Klotho is a single-pass transmembrane protein with a short intracellular domain found on FGF23 target tissues (such as kidney and parathyroid glands) [22, 23]. Klotho contains a short intracellular domain and two extracellular domains with similarity to glycosidases (KL1 and KL2). Two circulating forms of Klotho have been described in mice and humans. These two forms are generated by different processes: one involving an alternative RNA splicing event (to generate a 68-kDa, 549-aa KL1 domain containing protein) and the other involving a proteolytic cleavage of cell surface Klotho (to yield predominantly the entire 130-kDa extracellular KL1- and KL2-containing domain of Klotho) [24]. The soluble extracellular domain of Klotho is functional as a coreceptor for FGF23 in vitro, though it is less active than the membrane form [20].

Despite the absence of detectable Klotho mRNA expression in bone or bone marrow [23], forced FGF23 expression in rat calvarial cells suggested that supraphysiological FGF23 levels directly inhibit osteoblast mineralization [25]. Other studies using cell lines or forced FGFR expression demonstrated that supraphysiological levels of FGF23 and heparin/heparin sulfate glycosaminoglycans inhibit phosphate transport via the mitogen-activated protein kinase (MAPK) pathway in opossum kidney (OK) epithelial cells [26] or induced proliferation in FGFR-transfected murine bone marrow-derived pro-B (BaF3) cells [19]. These studies raise the possibility that FGF23 may have an autocrine/paracrine effect on osteoblastic cells in bone or other cells and signal in the absence of membrane Klotho.

To determine the impact of elevated FGF23 (as seen in patients with CKD-MBD) on MC3T3.E1 cells, which are derived from mouse calvarial osteoblasts, we examined the direct effects of FGF23 on MC3T3.E1 proliferation, differentiation, and cell signaling pathways in the presence and absence of soluble Klotho. In addition, we examined the effects of FGF23 on primary human proximal tubule epithelial cells (PTECs).

Methods

Cells and Reagents

Renal PTECs and culture medium were obtained from Lonza Bioscience (Walkersville, MD). Oversulfated heparin (OS-H, GT6020) was purchased from Neoparin (Alameda, CA). Antibodies for phospho-extracellular signal-regulated kinase (p-ERK1/2), phospho-p38 (p-p38) MAPK, and phosphorylated tyrosine (pTYR) were from Biosource/Invitrogen (Carlsbad, CA); ERK1/2 and p38 were from Upstate Biotech/Millipore (Temecula, CA); early growth response-1 protein (Egr-1) was from Santa Cruz Biotechnology (Santa Cruz, CA); and epidermal growth factor (EGF) was from R&D Systems (Minneapolis, MN). Human FGF23 wild-type (LO80106, stock concentration 1.7 mg/mL) and mutant R176Q (LO5316, stock 1.6 mg/mL) were made at Amgen (Thousand Oaks, CA). FGF2 (basic FGF) (lot BUE3108101, stock 100 μg/mL) was obtained from R&D Systems. The p38 inhibitor SB203580 (PHZ1253, lot 72547179A, stock 50 mg/mL, 132 mM) was from Invitrogen; the phosphoinositide 3-kinase (P13 K) inhibitor LY294002 (9901, lot 9, stock 15.3 mg/mL, 50 mM) was from Cell Signaling (Hayward, CA); FGFR2(IIIc) neutralizing antibody (MAB716, lot FSQ02, stock 5 mg/mL, 33 μM (ND50 = 0.67–2.7 nM) and FGFR3 neutralizing antibody (MAB710, lot FTD02, stock 5 mg/mL, 33 μM (ND50 = 20–80 nM) were from R&D Systems. The FGFR1 tyrosine kinase inhibitor SU 5402 and the MAPK pathway ERK1/2 inhibitor U0126 were from Signaling Technology (Beverly, MA).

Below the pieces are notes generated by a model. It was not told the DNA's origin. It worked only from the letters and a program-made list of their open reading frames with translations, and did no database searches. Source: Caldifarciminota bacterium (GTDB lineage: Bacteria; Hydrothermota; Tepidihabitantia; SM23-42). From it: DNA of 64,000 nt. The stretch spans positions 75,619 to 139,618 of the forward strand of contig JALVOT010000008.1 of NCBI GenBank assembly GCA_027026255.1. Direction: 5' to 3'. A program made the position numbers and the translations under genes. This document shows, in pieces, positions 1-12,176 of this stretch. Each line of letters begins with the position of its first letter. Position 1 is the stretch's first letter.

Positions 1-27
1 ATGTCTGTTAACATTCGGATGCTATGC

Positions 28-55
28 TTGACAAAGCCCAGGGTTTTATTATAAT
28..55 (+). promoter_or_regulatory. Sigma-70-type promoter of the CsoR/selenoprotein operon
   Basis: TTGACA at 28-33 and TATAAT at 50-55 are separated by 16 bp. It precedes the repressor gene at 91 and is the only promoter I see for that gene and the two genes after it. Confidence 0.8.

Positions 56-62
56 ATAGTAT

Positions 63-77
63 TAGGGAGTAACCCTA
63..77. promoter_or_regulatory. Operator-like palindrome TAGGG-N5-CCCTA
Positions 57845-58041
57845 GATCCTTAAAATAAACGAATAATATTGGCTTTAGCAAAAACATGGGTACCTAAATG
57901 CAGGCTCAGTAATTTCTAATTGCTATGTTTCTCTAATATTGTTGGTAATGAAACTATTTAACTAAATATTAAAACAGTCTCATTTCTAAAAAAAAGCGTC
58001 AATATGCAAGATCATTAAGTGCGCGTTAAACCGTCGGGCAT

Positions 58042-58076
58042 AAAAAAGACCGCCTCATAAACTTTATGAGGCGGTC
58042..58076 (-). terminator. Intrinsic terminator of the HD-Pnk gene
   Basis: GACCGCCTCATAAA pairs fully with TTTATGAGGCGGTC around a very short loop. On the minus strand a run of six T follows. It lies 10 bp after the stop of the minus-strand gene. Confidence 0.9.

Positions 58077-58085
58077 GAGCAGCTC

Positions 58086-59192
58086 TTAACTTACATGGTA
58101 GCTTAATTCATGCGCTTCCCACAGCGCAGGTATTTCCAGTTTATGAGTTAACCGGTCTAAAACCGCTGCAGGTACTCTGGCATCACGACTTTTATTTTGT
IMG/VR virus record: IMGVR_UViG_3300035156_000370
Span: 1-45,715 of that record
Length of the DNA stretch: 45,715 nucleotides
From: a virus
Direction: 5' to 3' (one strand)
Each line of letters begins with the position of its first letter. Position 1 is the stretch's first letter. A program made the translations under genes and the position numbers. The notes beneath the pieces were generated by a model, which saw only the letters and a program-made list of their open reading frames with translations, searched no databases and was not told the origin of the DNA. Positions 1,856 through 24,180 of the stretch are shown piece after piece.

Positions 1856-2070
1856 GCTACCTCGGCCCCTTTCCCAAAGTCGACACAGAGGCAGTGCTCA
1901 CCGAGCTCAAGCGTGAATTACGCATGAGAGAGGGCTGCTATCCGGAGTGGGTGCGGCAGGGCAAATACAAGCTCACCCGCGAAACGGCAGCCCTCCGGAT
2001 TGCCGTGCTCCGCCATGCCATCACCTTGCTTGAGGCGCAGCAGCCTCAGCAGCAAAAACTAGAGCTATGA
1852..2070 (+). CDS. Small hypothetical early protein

Treatment of Cells

PTECs were cultured on 12- or 48-well plates at 1 to 2 × 106 cells/mL in 1 or 0.5 mL, respectively. Cells were typically ≤50% confluent at the time of treatments. Cells were exposed to 0–1,000 ng/mL human FGF23-wild-type or mutant (huFGF23R176Q) + OS-H (4 μg/mL) or Klotho (1 μg/mL).

Western Blot

Treated PTECs were harvested on ice in phosphate-buffered saline (PBS) and centrifuged. Cell pellets were resuspended in an appropriate volume of lysis buffer (50 mM Tris–HCl [pH 7.4], 50 mM NaCl, 5 mM EDTA, 1% Triton X-100, 0.05% SDS, 50 mM NaF, 10 mM β-glycerophosphate, 10 mM sodium pyrophosphate, 100 μM NaVO4, protease inhibitor cocktail; Roche Applied Science, Indianapolis, IN) and sonicated. After centrifugation at 4°C, the supernatant was removed and the protein concentration determined (BCA protein assay reagent; Pierce, Rockford, IL). An equal amount of total protein of each sample was resolved by SDS-PAGE and transferred onto nitrocellulose membrane (Invitrogen). Blots were blocked for 1 hour in Tris-buffered saline-Tween (TBST; 20 mM Tris–HCl [pH 7.6], 137 mM NaCl, 0.1% Tween-20) containing 5% milk (blocking buffer) before incubation with primary antibodies for 2 hours at room temperature. After three washes with TBST, blots were incubated with peroxidase-conjugated secondary antibodies (Amersham/GE Healthcare, Piscataway, NJ). Antibody binding was detected using enhanced chemiluminescence (Amersham/GE Healthcare).

p-ERK1/2 and ERK1/2 Detection

PTECs grown in 12-well plates for 36 hours were serum-deprived overnight and exposed to huFGF23 for 15 minutes, 1 hour, or 6 hours, depending on the experiment, followed by Western blot analysis. For p-ERK detection, blots were incubated with primary antibody (1:1,000 dilution) for 2 hours at room temperature, then secondary horseradish peroxidase-conjugated antibody (1:4,000). The signal was detected using enhanced chemiluminescence (Amersham/GE Healthcare) and BIOMAX AR film (Sigma-Aldrich, St. Louis, MO). To detect total ERK on the same blots, the blots were stripped with Western blot stripping buffer (Pierce) for 15 minutes with shaking. Filters were blocked for 1 hour, followed by incubation with primary antibody (1 hour) and secondary antibody (1 hour) and developed.

Egr-1 Detection

PTECs were grown in 12-well plates for 48 hours, pretreated with serum-free medium for 2 hours, and treated with huFGF23 overnight. Cell lysates were analyzed by Western blot.